Another version for the books, just add this to the top of wp-config.php Reason is that there could be load balancers or something that does not pass along the proper https value, so you have to grab it from elsewhere and fake it for wordpress. if ( (isset($_SERVER['HTTP_X_FORWARDED_PORT'] ) && ( '443' == $_SERVER['HTTP_X_FORWARDED_PORT'] )) || ...


6

my name is Daniel Kanchev and I work for SiteGround as a Senior Web Apps Engineer. The described issue is pretty strange and I just configured a test WordPress Network on one SiteGround shared server. I did not face any similar issues and I used sub-domain names with a wildcard SSL certificate. Usually such issues are caused by Apache VHost misconfiguration ...


6

Use the developer tools in Firefox (or Firebug) or Chrome or Safari or IE to see the errors with specific images. 1) You may need to change URLs of media items in the post/page content to https. Search RegEx is a good plugin to be able to search and replace (optionally with grep) through all posts, pages, excerpts, comments, titles and meta. And, ...


5

I recently struggled with a similar issue, so I'll offer a couple of additional pieces of information for people who search for this question. The first step you should take when trying to force SSL for Admin of your site is to follow the directions in the codex . This means defining the FORCE_SSL_ADMIN option in your wp-config.php file. Be sure to take ...


5

I don't believe WordPress sends HTTPS requests unless it has been told to do so. It sounds like you need to undo some previous configuration -- most likely change/remove the FORCE_SSL_LOGIN constant. You may have plugins participating as well though. Make sure to check that. Reference: http://codex.wordpress.org/Administration_Over_SSL


5

I had exactly the same problem and the solution for me was to add these lines to /etc/apache2/sites-enabled/default-ssl.conf, which is my SSL-enabled website's configuration file: <Directory /var/www/html/> AllowOverride All </Directory> Of course, this assumes DocumentRoot /var/www/html. Change accordingly if is ...


5

You'll need to update all of the URLs in your database to the HTTPS protocol: Go and download Interconnect IT's Database Search & Replace Script here Unzip the file and drop the folder where your WordPress is installed (the root) and rename the folder to replace (screenshot) Navigate to the new folder you created in your browser (ex: http://example.com/...


5

I just figured out the issue. You need to add the HTTPS/SSL settings before require_once(ABSPATH . 'wp-settings.php'); in your wp-config.php So the relevant part of your wp-config.php should look like this. define( 'FORCE_SSL_ADMIN', true ); // in some setups HTTP_X_FORWARDED_PROTO might contain // a comma-separated list e.g. http,https // so check for ...


4

Go to your WordPress General Settings and change the WordPress Address (URL) and the Site Address (URL) from HTTP to HTTPS. ps. And disable all the plugin breaking your site. If that doesn't fix this there is a proper guide here and several steps you can take: https://managewp.com/wordpress-ssl-settings-and-how-to-resolve-mixed-content-warnings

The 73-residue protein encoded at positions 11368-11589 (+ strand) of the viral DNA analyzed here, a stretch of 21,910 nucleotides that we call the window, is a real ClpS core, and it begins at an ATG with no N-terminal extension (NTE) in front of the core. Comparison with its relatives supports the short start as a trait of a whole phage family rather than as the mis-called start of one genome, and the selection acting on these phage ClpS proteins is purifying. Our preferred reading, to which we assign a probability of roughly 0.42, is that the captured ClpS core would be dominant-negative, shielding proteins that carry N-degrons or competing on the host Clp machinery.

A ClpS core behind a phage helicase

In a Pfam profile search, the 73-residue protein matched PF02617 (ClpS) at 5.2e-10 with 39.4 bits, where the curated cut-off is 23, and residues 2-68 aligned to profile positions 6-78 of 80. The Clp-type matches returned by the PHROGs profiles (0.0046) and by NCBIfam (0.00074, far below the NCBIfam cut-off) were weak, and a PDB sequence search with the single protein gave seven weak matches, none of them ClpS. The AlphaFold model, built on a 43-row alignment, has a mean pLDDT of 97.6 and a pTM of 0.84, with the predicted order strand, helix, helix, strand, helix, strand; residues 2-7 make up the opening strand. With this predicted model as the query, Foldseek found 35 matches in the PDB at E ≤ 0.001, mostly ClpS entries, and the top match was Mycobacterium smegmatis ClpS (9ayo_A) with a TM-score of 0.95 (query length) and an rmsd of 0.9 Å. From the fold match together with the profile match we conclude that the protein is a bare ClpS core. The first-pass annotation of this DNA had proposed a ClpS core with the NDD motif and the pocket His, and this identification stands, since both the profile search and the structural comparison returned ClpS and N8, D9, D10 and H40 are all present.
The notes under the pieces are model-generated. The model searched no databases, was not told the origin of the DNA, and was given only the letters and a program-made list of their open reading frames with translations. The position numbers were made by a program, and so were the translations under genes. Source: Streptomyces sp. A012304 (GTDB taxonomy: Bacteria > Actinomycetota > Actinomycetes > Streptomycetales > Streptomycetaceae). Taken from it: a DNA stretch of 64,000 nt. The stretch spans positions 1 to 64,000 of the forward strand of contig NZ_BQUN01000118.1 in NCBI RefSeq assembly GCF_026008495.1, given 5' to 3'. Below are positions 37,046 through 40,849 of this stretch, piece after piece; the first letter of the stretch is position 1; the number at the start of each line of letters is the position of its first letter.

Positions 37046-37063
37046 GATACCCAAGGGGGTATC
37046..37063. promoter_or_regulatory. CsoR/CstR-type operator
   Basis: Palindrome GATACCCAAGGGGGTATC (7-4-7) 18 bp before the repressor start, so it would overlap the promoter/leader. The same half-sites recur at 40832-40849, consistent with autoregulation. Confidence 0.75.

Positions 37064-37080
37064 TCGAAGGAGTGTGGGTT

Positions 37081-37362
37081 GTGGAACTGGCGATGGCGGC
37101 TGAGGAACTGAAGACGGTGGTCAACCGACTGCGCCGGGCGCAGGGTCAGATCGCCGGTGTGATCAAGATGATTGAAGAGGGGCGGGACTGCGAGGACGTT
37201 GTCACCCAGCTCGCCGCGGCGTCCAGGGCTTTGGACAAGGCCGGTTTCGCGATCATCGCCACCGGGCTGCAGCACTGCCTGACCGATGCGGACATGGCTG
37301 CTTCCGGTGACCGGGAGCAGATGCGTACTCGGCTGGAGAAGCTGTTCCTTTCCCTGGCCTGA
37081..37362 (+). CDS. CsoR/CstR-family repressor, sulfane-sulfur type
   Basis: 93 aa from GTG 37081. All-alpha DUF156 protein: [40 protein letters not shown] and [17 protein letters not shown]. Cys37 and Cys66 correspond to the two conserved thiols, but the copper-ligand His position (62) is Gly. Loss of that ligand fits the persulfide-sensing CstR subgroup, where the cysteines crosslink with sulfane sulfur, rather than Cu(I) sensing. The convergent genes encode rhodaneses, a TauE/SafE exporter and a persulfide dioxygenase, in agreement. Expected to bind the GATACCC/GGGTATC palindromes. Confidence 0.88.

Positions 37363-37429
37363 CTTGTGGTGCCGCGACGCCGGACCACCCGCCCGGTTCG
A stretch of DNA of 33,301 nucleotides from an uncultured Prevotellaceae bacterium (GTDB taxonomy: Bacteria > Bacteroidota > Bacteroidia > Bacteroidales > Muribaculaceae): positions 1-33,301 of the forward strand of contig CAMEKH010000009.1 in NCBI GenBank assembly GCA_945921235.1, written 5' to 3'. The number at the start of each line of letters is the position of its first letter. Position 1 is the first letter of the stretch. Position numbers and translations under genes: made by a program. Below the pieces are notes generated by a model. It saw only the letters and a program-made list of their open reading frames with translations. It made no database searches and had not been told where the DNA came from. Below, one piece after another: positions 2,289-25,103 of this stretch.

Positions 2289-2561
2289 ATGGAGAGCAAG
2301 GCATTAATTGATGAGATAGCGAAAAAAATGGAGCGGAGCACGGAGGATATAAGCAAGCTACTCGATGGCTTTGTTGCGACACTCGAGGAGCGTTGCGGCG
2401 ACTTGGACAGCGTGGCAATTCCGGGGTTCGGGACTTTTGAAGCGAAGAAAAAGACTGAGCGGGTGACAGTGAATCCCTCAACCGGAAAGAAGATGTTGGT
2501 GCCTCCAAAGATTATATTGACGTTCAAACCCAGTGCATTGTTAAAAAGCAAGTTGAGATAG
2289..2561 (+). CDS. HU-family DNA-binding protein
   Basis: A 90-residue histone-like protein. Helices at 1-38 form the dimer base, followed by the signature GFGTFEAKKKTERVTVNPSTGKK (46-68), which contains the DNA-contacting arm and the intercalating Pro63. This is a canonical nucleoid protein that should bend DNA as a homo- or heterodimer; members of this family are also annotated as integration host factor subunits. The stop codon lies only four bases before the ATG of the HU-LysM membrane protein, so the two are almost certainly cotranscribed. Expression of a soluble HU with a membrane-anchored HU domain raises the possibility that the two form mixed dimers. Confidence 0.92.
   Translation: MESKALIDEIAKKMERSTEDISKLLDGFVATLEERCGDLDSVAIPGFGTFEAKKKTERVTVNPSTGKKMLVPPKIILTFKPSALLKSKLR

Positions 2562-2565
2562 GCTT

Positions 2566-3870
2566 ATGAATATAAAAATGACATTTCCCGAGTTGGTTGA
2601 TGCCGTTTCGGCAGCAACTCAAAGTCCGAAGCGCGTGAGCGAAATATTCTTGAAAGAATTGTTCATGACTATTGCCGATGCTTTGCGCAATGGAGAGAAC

4

Do you have to have secure.domain.com function or can it redirect? The tl;dr is that you don't. The primary domain is the cheese: it stands alone. However.... You can use .htaccess to check 'If someone is coming from secure.domain.com, send them to domain.com' RewriteCond %{HTTP_HOST} ^secure\.domain\.com RewriteRule ^(.*) http://domain.com/$1 [L,R=301] ...


4

Is it a best practice? Yes. What will be the behavior of plugins? They should work fine. What are the pros and cons of my decision? Pros: More secure. Cons: none. http://codex.wordpress.org/Administration_Over_SSL


4

Installing the WordPress HTTPS plugin should take care of it.


4

First, rename the folder wp-content/plugins/wordpress-https to wp-content/plugins/wordpress-https-OFF so that WordPress can't find it to run it. Second, add the following lines to your wp-config.php file, replacing the domain name with your domain name: define( 'WP_SITEURL', 'http://example.com/' ); define( 'WP_HOME', 'http://example.com/' );


4

This is a late answer but this works for me: Change the RewriteCond to this RewriteCond %{HTTP:X-Forwarded-Proto} !https Should be like this: RewriteEngine On RewriteCond %{HTTP:X-Forwarded-Proto} !https RewriteRule ^(.*)$ https://yourdomain.com/$1 [R,L]


4

WordPress can rely on underlying server software (typically cURL) to perform network request. In a nutshell because it's what that software is good and is there for. On some servers due to various reasons (I had never bothered looking into myself) it is quite typical for server software to not be able to "verify" secure connections, producing said errors. ...


4

After a little more reading via the WordPress Codex, I discovered that I was calling the favicon incorrectly. It should be called like this: <link rel="shortcut icon" href="<?php echo get_stylesheet_directory_uri(); ?>/favicon.ico" /> Using get_stylesheet_directory_uri() checks for SSL.